Boxee Media Center Gets an Upgrade, But Won't Pursue PCs Any Longer
Boxee, which offers an open source, social media center platform that we've covered a number of times, is radically changing course according to a new announcement from the company. While Boxee was originally simply a software platform that provided a "10-foot interface" for those who wanted to sit on the couch and control media on big screen TVs, it ended up finding success as an embedded platform in devices such as the D-Link Boxee Box. In that space, it competed with Roku, Apple TV and other devices. As of January, it sounds like that will become Boxee's primary focus.
The Boxee software is out in a new version 1.5, and you can get it and read about it here. It works on Windows, the Mac and Ubuntu. According to a post on the Boxee site, though:
"As a platform, we have been able to bring Boxee for Computers to about 85% of the Boxee Box in terms of features and functionality...This 1.5 release will be the last version of Boxee for PC/Mac/Ubuntu. It will be available on Boxee.tv through the end of January....We believe the future of TV will be driven by devices such as the Boxee Box, Connected TVs / Blu-Rays and 2nd screen devices such as tablets and phones. While there are still many users who have computers connected to their TVs, we believe this use case is likely to decline as users find better alternatives. People will continue to watch a lot of video on their computer, but it is more likely to be a laptop than a home-theater PC and probably through a browser rather than downloaded software."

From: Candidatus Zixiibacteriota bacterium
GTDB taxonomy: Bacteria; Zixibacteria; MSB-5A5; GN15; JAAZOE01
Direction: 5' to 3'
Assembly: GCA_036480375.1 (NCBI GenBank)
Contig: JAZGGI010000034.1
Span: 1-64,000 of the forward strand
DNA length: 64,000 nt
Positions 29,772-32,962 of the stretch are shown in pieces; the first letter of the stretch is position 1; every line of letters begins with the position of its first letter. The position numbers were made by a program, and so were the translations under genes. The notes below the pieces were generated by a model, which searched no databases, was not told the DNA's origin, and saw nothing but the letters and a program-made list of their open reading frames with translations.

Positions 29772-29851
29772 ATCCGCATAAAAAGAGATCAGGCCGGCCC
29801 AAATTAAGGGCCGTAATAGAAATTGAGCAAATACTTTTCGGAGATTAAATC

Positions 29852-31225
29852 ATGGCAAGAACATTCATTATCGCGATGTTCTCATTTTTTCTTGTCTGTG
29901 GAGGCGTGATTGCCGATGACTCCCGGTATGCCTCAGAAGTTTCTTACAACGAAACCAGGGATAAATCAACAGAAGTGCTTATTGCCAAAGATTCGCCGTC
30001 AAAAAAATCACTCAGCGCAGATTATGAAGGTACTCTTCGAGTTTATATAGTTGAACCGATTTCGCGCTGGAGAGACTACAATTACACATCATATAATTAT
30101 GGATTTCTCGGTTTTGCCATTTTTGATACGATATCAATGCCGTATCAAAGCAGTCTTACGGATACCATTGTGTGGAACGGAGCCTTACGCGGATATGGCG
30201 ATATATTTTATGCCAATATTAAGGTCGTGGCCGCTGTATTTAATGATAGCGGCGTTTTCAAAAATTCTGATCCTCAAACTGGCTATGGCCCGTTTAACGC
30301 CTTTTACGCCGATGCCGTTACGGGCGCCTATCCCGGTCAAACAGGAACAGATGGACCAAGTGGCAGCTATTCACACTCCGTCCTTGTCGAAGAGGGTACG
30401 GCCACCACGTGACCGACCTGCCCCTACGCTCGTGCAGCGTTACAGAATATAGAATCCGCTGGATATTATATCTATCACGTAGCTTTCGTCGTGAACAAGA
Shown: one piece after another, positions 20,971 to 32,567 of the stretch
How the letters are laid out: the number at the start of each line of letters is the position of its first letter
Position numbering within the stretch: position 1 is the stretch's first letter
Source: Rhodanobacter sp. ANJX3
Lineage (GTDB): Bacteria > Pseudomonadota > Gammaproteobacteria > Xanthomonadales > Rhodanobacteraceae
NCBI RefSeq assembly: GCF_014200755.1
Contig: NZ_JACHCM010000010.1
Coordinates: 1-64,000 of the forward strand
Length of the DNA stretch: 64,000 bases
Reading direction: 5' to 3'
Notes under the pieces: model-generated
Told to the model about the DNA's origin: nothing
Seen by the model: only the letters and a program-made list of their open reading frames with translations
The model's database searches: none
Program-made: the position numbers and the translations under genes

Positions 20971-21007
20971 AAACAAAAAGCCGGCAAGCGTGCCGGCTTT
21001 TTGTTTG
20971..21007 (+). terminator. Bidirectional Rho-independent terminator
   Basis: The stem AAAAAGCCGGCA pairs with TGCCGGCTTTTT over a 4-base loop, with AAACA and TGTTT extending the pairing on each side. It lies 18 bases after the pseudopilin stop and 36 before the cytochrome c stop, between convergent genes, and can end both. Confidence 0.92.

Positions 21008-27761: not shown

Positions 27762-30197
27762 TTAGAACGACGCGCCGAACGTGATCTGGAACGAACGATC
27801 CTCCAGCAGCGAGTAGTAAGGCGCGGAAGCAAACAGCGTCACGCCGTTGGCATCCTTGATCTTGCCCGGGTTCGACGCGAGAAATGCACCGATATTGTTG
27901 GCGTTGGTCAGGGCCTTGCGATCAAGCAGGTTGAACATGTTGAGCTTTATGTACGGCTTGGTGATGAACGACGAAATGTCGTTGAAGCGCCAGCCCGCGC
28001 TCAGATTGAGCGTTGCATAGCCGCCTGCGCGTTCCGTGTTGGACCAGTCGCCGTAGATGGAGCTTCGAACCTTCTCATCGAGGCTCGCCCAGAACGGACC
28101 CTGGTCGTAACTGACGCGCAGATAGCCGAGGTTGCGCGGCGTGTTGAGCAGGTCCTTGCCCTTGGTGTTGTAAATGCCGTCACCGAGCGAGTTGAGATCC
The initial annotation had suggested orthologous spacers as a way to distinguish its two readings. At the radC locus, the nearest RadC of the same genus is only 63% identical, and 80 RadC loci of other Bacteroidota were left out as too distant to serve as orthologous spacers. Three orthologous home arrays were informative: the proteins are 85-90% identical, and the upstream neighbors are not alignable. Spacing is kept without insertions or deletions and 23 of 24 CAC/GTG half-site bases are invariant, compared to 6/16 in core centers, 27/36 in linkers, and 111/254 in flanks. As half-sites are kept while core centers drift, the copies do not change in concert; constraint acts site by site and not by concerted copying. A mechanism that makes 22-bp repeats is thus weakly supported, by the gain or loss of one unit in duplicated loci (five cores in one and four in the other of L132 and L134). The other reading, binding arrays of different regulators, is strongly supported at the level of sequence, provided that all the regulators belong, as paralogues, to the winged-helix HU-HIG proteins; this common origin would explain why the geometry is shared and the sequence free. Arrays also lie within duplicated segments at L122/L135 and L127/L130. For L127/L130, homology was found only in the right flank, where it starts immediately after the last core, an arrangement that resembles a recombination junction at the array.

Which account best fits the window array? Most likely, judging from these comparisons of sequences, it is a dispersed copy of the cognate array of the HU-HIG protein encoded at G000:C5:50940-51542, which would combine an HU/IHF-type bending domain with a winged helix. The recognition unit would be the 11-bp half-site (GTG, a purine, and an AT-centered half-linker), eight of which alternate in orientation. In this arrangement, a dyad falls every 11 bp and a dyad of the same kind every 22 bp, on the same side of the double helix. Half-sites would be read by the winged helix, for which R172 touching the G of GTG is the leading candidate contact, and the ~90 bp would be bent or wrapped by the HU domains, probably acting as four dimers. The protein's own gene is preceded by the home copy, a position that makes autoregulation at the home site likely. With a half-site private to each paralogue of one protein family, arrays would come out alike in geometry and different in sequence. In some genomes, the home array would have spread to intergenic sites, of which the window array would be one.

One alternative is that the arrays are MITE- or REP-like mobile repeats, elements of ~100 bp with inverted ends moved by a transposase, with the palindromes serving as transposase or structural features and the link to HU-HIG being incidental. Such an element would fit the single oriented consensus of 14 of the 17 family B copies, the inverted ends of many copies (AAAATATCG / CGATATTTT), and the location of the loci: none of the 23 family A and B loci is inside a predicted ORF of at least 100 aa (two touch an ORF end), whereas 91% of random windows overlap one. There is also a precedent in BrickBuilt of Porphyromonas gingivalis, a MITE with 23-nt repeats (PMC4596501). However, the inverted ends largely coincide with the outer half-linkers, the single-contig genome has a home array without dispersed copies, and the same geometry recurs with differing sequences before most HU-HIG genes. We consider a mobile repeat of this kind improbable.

And so one of the most storied open source projects of the past few years will likely head away from a community-driven development model and become increasingly like other media devices and their software platforms. There is a message to the community on the Boxee site:
"To our computer users… to those who have come out to our NYC and SF meetups, talked with us at Engadget, GDGT, and Giz Gallery events, or enjoyed Austin BBQ with us during SxSW, or simply messaged with us on Facebook, Twitter, and our forums… thank you for all your support – we would not be where we are today without you. But we can’t stay here."
You can't blame them for this decision. On devices, the folks behind Boxee can make deals with content makers that allow them to get around strict digital rights management (DRM) rules and provide the maximum number of types of content. Still, it will be sad to see the computer-based version of Boxee stop in its tracks.